“Citizens with higher exposure to the media [Hindi] were much more likely to have voted for the Bharatiya Janata Party in the 2014 Lok Sabha election. This was particularly true for those who read Hindi newspapers or watched TV news in Hindi.” [NB: In Pakistan there are no English-language TV channels. Therefore more uniformity or “unity.”]
Urdu as carrier of ideology
One may agree that Urdu as language of learning should be the medium but Urdu may not be the mother-tongue just like Hindi in India. But if you have a “national tongue” the state may find it easy to indoctrinate though it, unless the state eschews it as a matter of policy, which is unthinkable in Pakistan. The state is self-declared as “ideological” and fill “fix” all textbooks, Urdu and English, except that English keeps puncturing the dystopia of intolerance and false effervescence of jihad because it connects us with the world outside our thought-bubble.
I grew up with Urdu, learned English as compulsory subject from sixth grade onwards, but couldn’t study the sciences because Urdu couldn’t handle them. In any case, at college, all science students have to switch to English as medium. I threw up the “poison of the mother tongue” by disavowing nationalism as I grew up; but most of us didn’t. My Dharampura schoolfellows despise me for being an “American agent” after reading my articles.
My first learning was in Arabic because I was made to read the Quran. My second learning was in Urdu. In both cases, I simply can’t understand how it helped in “learning.” In the first case, it was the magic of incantation and memory. (I agree memorizing helps develop the mind, but knowing what you memorize helps, too.) This learning didn’t teach me “uncertainty of knowledge”; it insisted on “certainty” that made me intolerant.
Ideology and brainwash
It is shocking however how completely Urdu drowns itself in ideology and nationalism—the two evils that destroy nations if they don’t become conquerors and destroy others. What you can write in an editorial on the annual budget in Urdu you can’t translate and publish in English. Urdu treats modern economics as an intrusion into the state (The State of Madina) where everything ought to be subsidized to create the illusion of “equality.”
From observation, I can say that learning-through-Urdu in childhood prepares the mind for the “certainty” of ideology not possible in English. Most of us Urdu-wallahs continue to be comfortable in Urdu, reading newspapers and writing in Urdu. Those who don’t, and stray into the “rational-sequential” discourse of English run the risk of attracting the mischief of the Penal Code that punishes ideological deviations. The basis of learning in Urdu is unbending and unforgiving of any innovative and “redemptive” expression. I use “redemptive” to explain an expiatory change of policy to avert the project of collective suicide based on jihad-based nationalism.
I have always felt different from the “uncolonized” Arabs and Iranians, not because my mind has been fashioned by Urdu but because it has been tainted by English. The madrassa specializes in Urdu, which results in one becoming a good speaker, but dooms you forever with its opposition to “variant thinking.” The Indian mind has been shaped in the same manner. Here I must hasten to add that the “mother tongue” is more likely to get “poisoned” in an ideological state, which India is (was?) not, but it definitely helps in the revival of religious prejudice.
Allama Iqbal is the quintessence of the “knowledge” we want Urdu to carry but when he wrote in English he had a different message to give. His lectures were read by Indian audiences but his final lectures created problems for him because he succumbed to the “logic” of English and disapproved of enforcement of Hudood in this day and age, which included stoning to death for fornication. His English through stylistically very Germanic—perhaps inspired by Max Weber?—in a way warned us not to be Urdu “literalists” as Iran was under Imam Khomeini, stoning women to death for fornication till the absurdity of the act became too obvious and had to be given up, proving Allama Iqbal right “in English.”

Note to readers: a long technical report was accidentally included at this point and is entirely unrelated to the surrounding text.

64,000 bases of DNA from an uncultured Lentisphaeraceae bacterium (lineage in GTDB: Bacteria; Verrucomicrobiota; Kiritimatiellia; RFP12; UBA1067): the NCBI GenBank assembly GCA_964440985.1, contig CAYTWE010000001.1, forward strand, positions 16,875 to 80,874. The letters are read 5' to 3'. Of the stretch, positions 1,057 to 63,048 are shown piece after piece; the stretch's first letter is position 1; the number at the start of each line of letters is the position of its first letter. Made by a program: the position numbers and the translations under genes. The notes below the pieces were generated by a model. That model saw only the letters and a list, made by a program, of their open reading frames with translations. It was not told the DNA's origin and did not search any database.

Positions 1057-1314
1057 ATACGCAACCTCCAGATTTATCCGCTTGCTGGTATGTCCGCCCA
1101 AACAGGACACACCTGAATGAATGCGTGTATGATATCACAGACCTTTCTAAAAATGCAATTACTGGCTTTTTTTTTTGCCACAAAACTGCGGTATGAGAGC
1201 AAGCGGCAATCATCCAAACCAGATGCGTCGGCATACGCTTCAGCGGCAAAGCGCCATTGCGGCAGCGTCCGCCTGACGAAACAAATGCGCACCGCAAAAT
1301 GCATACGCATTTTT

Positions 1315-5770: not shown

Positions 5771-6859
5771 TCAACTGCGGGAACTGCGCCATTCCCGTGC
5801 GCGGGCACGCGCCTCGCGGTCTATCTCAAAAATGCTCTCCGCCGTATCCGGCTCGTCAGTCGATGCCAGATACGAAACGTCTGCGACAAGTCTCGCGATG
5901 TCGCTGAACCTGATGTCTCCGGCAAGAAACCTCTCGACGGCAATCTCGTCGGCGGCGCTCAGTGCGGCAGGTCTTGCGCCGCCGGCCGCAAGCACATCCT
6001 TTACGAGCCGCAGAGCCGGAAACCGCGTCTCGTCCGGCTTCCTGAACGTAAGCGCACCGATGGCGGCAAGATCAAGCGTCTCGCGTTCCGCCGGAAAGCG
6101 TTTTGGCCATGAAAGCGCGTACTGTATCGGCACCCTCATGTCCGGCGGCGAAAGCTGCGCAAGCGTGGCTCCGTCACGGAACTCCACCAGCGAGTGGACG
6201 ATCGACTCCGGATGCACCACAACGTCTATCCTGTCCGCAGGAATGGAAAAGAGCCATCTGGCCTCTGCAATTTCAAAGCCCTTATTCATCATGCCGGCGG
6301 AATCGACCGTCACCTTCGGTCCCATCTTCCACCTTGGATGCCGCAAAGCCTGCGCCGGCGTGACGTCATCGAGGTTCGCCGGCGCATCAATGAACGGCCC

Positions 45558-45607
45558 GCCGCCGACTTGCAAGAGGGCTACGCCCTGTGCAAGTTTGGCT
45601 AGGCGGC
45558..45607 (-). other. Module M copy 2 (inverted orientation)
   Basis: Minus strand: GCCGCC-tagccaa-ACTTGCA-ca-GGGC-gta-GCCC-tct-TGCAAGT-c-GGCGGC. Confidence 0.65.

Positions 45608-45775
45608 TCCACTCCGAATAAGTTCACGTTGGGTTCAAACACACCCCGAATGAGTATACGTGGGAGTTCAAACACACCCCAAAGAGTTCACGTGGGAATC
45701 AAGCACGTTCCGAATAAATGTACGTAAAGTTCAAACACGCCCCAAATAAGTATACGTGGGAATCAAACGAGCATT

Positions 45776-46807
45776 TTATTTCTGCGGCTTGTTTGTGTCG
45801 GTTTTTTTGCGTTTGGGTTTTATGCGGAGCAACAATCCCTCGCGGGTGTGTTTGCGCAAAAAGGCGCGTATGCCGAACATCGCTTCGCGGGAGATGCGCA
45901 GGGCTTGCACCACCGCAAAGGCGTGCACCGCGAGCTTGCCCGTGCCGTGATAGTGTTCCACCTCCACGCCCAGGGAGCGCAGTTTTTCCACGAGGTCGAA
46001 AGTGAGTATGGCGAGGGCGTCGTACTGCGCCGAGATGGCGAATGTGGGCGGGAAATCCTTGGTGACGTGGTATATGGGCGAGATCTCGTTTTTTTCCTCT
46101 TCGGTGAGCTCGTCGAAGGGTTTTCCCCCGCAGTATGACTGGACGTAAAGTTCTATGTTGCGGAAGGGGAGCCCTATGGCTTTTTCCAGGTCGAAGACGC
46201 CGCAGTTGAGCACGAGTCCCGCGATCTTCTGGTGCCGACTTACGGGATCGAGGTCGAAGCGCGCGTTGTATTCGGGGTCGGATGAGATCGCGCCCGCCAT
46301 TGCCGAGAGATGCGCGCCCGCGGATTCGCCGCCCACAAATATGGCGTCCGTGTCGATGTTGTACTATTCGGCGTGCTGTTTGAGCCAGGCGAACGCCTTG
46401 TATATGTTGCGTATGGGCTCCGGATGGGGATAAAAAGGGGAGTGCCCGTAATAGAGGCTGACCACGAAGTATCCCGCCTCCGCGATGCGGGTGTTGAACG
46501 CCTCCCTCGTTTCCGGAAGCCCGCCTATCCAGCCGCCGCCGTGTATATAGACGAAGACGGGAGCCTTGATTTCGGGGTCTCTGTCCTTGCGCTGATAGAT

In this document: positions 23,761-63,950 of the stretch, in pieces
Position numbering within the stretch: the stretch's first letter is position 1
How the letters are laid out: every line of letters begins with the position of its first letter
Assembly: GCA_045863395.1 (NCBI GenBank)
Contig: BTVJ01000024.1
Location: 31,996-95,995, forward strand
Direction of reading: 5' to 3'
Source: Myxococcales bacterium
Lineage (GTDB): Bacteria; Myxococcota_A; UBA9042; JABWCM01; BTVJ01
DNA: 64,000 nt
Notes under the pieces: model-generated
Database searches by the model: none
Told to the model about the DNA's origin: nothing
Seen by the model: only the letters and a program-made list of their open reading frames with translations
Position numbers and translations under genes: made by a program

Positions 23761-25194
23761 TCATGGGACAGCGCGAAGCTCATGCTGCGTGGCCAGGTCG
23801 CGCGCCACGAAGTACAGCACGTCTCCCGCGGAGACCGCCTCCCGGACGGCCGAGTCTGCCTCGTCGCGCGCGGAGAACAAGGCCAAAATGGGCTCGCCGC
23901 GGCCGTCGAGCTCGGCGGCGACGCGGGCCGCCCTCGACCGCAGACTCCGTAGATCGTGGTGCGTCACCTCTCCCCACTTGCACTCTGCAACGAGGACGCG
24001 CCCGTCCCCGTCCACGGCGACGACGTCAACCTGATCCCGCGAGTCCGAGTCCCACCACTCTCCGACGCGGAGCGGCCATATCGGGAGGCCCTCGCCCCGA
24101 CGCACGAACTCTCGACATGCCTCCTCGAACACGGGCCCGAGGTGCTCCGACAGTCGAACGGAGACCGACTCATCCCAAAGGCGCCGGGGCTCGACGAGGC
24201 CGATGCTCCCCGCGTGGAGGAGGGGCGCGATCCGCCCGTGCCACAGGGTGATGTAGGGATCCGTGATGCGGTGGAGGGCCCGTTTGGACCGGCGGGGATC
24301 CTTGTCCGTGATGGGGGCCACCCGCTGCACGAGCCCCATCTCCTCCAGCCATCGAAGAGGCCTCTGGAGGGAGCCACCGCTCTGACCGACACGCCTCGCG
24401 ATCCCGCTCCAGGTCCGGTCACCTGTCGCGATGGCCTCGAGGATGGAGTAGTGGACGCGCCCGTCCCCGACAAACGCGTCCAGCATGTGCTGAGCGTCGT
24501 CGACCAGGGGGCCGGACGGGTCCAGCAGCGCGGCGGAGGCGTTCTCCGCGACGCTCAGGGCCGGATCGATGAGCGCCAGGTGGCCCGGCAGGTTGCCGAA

General Kayani and Urdu
Pakistan’s erstwhile Army chief Gen. Ashfaq Pervaiz Kayani always took care to express his bias in favor of the columnist he most liked in the Urdu press. He touched base with all the policy directions recommended in the Urdu columns where passion rejected realism as “slavery.” Maybe he was simply pretending but the foreign policy he ran was patently irrational. He simply couldn’t interpret the phenomenon of the Taliban as a lethal strain of terrorism that would take the country down.
He got the longest tenure through extensions because he touched base with the passions that the dominant Urdu discourse aroused and browbeat the elected government that showed flexibility of approach to India and the United States. Troubled by terrorism and its inroads into state sovereignty, the state needed the suppleness Urdu simply couldn’t allow, but clung to the majority point of view, which his successor General Raheel Sharif easily defied for “the reason of the state.” When the Pakistan Army attacked the “safe havens” of North Waziristan and scattered the “friendly terrorists” of General Kayani, the nation quickly moved behind him. Needless to say, the world was relieved too.
Puncturing the dystopia
The ideological discourse of the mother tongue finally doesn’t stand when the state is in danger because of the fixed prescriptions transmitted through it. But the state swung away from disaster only because by happenstance a general thought he could risk falling out of national consensus.
Of course, Pakistani parents hardly feel what is happening. English too is polluted, but at least people still have the choice of reading things of foreign origin. The next phase has perhaps already arrived: send the kid abroad as Urdu leads us down the road to a post-Talibanization hell presided over by the Islamic State—it is still alive and well—with the help of our madrassas after they have gotten rid of the Shia. Of course then all the English-medium institutions will be outlawed.
The outlawing of English as medium of learning from class one was pledged by Imran Khan after coming to power and when he saw a women’s protest recently he called it an “English-medium” women protect and therefore the expression of a “divided nation.” But the question is: is the right to protest not accepted by Urdu? If protest is any index of human rights and you think human rights are a “borrowing” from the West, then get English out of the early stages of education. In daily Jang (Dec. 5, 2014) it was reported that parents in Sindh were asked which language should be the medium of instruction for their children; a majority of them chose English.